Discovering new savannas and lagoons west of Lake Yaxha

Star InactiveStar InactiveStar InactiveStar InactiveStar Inactive
 

We find interesting ecosystems using satellite photographs and aerial photographs. Then we do research to figure out how best to get to these areas. We do all these trips in cooperation and coordination with the administrators of whatever park or nature reserve that we plan to visit. Each trip is with local guides (they like to accompany us since in most cases they themselves have never visited the savannas or wetlands that we find from aerial photos).

Since we prefer not to clear wide trails, the narrow (50-75 centimeter) trails have spine trees and vines along the sides, spaghetti thin creeper vines along the ground (that trip you), and other daunting dangers.

The most amazing of the pitfalls awaiting you on a hike are the deep holes where a palm tree rotted many years ago and the entire area where the trunk used to be is now a hollow pit: a large hole just waiting for you to have your foot fall into it.

The photo and video here show what happens when Dr Nicholas (Hellmuth, “Dr Nicholas” is his logo name) fell flat on his back (fortunately not flat on his face).

It rained the two sequential days that we hiked to accomplish drone photography of never-before-studied areas of the far west part of Parque Nacional Yaxha, Nakum and Naranjo. So the trails were slippery (and in other areas underwater). But we were successful both days to accomplish drone photography of three small lakes and two remarkable biodiverse savannas with the help of experienced drone pilot Haniel Lopez and our registered DJI Mavic 2 Pro drone with its 48 megapixel Hasselblad L1D-20c camera.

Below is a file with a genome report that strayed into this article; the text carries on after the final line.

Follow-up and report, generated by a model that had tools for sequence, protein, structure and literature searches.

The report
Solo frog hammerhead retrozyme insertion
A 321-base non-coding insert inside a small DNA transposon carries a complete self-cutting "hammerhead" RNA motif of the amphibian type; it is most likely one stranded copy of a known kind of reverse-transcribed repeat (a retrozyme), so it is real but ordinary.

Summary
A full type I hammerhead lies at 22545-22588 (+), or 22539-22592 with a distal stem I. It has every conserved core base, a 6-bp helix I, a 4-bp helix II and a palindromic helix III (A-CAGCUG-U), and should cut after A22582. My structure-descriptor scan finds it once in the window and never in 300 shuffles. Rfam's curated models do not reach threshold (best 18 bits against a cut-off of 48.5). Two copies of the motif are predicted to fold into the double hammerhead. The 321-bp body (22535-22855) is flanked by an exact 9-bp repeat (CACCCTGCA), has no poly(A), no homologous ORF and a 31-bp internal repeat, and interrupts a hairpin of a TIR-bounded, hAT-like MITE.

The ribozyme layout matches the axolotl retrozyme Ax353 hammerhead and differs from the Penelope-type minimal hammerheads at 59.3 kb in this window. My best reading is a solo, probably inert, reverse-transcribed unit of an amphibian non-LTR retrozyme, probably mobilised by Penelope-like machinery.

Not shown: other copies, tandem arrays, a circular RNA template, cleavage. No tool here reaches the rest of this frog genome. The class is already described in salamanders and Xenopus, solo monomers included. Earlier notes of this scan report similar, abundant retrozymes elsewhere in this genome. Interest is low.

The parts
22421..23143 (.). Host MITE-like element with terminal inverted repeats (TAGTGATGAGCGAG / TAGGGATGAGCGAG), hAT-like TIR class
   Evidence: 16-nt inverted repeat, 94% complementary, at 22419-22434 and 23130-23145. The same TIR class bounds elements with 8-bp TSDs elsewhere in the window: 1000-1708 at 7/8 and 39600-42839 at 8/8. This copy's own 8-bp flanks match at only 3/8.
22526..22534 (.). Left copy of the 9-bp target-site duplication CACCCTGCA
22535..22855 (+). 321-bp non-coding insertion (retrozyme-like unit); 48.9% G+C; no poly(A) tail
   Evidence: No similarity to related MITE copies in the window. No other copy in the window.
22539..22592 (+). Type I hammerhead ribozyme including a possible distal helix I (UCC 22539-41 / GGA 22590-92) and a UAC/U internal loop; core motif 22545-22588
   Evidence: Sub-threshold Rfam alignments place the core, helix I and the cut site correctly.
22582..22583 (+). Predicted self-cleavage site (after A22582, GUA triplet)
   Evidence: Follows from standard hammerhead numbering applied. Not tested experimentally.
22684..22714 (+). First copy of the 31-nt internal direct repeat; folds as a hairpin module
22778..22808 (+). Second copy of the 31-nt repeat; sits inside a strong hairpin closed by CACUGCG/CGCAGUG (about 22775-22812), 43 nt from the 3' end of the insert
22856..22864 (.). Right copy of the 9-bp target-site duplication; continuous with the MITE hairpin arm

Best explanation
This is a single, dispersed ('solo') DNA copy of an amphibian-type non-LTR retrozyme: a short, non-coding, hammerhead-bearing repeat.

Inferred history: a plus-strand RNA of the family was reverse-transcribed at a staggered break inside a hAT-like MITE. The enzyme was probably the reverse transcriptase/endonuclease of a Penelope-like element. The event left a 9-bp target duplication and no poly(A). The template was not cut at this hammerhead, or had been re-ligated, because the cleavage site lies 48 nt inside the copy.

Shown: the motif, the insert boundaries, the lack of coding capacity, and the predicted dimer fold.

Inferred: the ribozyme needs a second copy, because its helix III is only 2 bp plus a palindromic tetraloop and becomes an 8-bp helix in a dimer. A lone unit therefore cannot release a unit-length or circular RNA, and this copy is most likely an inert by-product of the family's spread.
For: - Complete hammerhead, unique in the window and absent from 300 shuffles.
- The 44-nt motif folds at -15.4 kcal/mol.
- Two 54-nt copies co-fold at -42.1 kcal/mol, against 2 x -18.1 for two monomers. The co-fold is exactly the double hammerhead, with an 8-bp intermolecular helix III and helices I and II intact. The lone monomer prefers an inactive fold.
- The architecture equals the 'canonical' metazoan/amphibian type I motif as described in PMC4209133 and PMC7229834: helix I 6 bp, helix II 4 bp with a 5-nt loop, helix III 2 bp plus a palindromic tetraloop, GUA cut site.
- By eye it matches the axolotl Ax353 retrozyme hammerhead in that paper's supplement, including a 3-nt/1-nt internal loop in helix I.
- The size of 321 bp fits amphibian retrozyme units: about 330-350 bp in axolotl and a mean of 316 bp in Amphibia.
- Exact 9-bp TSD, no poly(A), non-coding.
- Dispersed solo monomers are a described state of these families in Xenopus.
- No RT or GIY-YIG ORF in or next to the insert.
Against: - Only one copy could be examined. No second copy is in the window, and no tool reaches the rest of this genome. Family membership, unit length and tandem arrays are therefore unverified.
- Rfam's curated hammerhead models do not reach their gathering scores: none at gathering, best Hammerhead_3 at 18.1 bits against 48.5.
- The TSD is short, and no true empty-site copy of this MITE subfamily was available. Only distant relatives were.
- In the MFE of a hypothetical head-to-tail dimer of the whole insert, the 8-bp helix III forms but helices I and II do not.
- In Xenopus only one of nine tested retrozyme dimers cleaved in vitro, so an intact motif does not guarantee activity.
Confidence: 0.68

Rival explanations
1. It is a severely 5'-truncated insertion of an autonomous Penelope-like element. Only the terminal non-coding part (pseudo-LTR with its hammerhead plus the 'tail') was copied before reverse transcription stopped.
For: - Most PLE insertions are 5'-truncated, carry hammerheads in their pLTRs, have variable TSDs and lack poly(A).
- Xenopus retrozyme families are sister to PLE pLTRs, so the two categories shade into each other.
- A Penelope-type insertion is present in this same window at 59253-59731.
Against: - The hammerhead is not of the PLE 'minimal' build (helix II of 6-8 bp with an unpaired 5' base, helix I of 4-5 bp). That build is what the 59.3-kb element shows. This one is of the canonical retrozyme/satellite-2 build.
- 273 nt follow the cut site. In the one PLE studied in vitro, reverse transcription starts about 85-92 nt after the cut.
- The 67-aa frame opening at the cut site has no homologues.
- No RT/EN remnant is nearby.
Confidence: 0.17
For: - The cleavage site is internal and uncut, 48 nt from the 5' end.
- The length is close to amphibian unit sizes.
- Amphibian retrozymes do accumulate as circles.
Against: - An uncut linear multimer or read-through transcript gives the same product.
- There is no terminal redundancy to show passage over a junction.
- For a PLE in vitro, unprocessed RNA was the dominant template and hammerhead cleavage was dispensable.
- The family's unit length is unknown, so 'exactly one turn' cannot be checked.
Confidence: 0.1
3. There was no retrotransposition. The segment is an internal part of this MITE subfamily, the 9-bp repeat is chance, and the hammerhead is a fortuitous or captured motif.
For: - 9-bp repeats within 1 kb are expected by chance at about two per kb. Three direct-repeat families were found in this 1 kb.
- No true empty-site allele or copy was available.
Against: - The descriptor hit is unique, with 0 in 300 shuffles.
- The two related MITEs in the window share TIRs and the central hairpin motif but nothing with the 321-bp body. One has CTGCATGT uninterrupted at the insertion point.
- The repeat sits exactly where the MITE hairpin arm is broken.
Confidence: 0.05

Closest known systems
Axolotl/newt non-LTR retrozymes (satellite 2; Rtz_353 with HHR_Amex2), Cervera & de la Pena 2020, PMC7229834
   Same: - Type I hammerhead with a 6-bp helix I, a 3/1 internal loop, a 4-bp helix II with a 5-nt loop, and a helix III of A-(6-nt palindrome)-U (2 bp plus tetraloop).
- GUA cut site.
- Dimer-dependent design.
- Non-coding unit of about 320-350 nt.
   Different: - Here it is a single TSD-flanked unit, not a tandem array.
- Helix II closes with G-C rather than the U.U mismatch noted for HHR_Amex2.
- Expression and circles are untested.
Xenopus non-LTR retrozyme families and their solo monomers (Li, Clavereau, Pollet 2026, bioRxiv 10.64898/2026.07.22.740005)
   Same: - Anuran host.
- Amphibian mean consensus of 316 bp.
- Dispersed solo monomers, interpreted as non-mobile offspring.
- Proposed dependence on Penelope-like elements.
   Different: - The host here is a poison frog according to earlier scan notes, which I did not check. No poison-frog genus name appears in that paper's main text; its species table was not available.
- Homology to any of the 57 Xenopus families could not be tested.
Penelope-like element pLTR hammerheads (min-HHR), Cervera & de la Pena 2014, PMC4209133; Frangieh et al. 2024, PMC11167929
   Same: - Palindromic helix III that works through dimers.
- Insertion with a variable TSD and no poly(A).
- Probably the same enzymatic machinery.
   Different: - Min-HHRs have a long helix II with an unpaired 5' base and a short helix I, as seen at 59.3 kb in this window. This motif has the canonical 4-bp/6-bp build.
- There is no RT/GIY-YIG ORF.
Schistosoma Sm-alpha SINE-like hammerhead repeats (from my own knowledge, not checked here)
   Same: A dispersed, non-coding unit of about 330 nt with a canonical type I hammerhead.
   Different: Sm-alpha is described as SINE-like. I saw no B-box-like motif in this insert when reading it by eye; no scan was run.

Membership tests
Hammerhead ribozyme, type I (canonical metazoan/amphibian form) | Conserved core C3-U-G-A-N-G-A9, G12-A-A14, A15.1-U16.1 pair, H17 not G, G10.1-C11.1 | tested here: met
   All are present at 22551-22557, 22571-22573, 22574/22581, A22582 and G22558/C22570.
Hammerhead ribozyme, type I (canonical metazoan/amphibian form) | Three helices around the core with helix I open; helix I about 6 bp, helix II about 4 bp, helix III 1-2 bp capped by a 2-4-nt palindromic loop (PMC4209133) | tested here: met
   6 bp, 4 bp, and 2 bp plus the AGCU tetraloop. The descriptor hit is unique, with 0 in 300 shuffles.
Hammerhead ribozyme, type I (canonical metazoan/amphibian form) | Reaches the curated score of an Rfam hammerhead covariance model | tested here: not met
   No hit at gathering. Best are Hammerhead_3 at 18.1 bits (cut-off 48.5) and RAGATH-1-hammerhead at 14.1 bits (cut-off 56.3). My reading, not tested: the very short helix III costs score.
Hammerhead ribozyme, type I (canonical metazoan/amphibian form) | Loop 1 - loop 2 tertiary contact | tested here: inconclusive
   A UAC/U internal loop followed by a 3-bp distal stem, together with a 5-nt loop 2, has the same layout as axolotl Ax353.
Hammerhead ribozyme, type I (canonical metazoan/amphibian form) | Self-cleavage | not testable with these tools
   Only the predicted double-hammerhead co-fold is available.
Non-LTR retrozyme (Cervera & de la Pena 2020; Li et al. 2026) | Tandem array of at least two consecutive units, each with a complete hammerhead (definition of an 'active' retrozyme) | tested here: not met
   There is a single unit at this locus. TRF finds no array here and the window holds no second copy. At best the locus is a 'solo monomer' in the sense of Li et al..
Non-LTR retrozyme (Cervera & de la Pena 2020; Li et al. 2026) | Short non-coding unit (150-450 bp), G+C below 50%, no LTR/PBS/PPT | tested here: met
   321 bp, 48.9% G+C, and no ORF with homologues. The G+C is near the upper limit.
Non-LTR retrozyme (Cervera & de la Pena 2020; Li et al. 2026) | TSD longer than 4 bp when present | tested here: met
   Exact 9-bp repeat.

We of FLAAR (USA) and FLAAR Mesoamerica (Guatemala) “do what it takes” to accomplish fresh, high-resolution documentation of remote areas that deserve studies of flora, fauna and ecology for conservation programs of the Reserva de la Biosfera Maya, Peten, Guatemala. The current project of cooperation and coordination with CONAP is for five years, 2021-2025, so we have a lot more to find, document, photograph, and publish.

Savannas are the least-often studied ecosystems of Guatemala

During our project of 2018-2019 we documented the biodiverse seasonally inundated Savanna East of Nakum.

akum-savanna-east-side-panorama

The seasonally inundated Savanna East of Nakum has tasiste palm, nance fruit trees, and jicara calabash trees: all three are indicators of a savanna. So far no sandpaper leaf trees, no oak trees, and never any pine within PNYNN.

To our knowledge this savanna had not been pictured, shown on a map, photographed, or published before our exploration in 2019. However, savanna is known and has been visited by archaeologists of the Naranjo area projects. Their focus is on hilltop areas with mounds; no archaeological mounds yet found in this savanna.

Looking for more savannas

I then continued to search for more savanna-like seasonally inundated open areas on satellite photos and found two small savannas far far to the west of the end of Lake Yaxha. We visited these twice in 2019 and now with our new project 2021-2025 we are employing newer digital camera equipment, especially good resolution drone photography.

We now have a ton of gigabytes of drone photos of Laguneta La Guitarra (Laguna El Juleque), Laguneta Lancaja (Lancaha) and Laguneta of 3 Conjoined Cenotes (several kilometers north of Laguneta Lancaja). Plus we now have helpful drone photos of the biodiverse ecosystems of the Savanna of 3 Fern Species and the adjacent Rectangular Savanna. Both of these are south of the Laguneta of 3 Conjoined Cenotes.

We are preparing FLAAR reports on each lagoon and each savanna.

footer logo

We are dedicated to continue to be a source of information and education about flora and fauna of Mesoamerica today that is related to Classic Maya civilization 2000 years ago.



Contact us

FrontDesk@FLAAR.org
www.flaar.org

footer logo

Search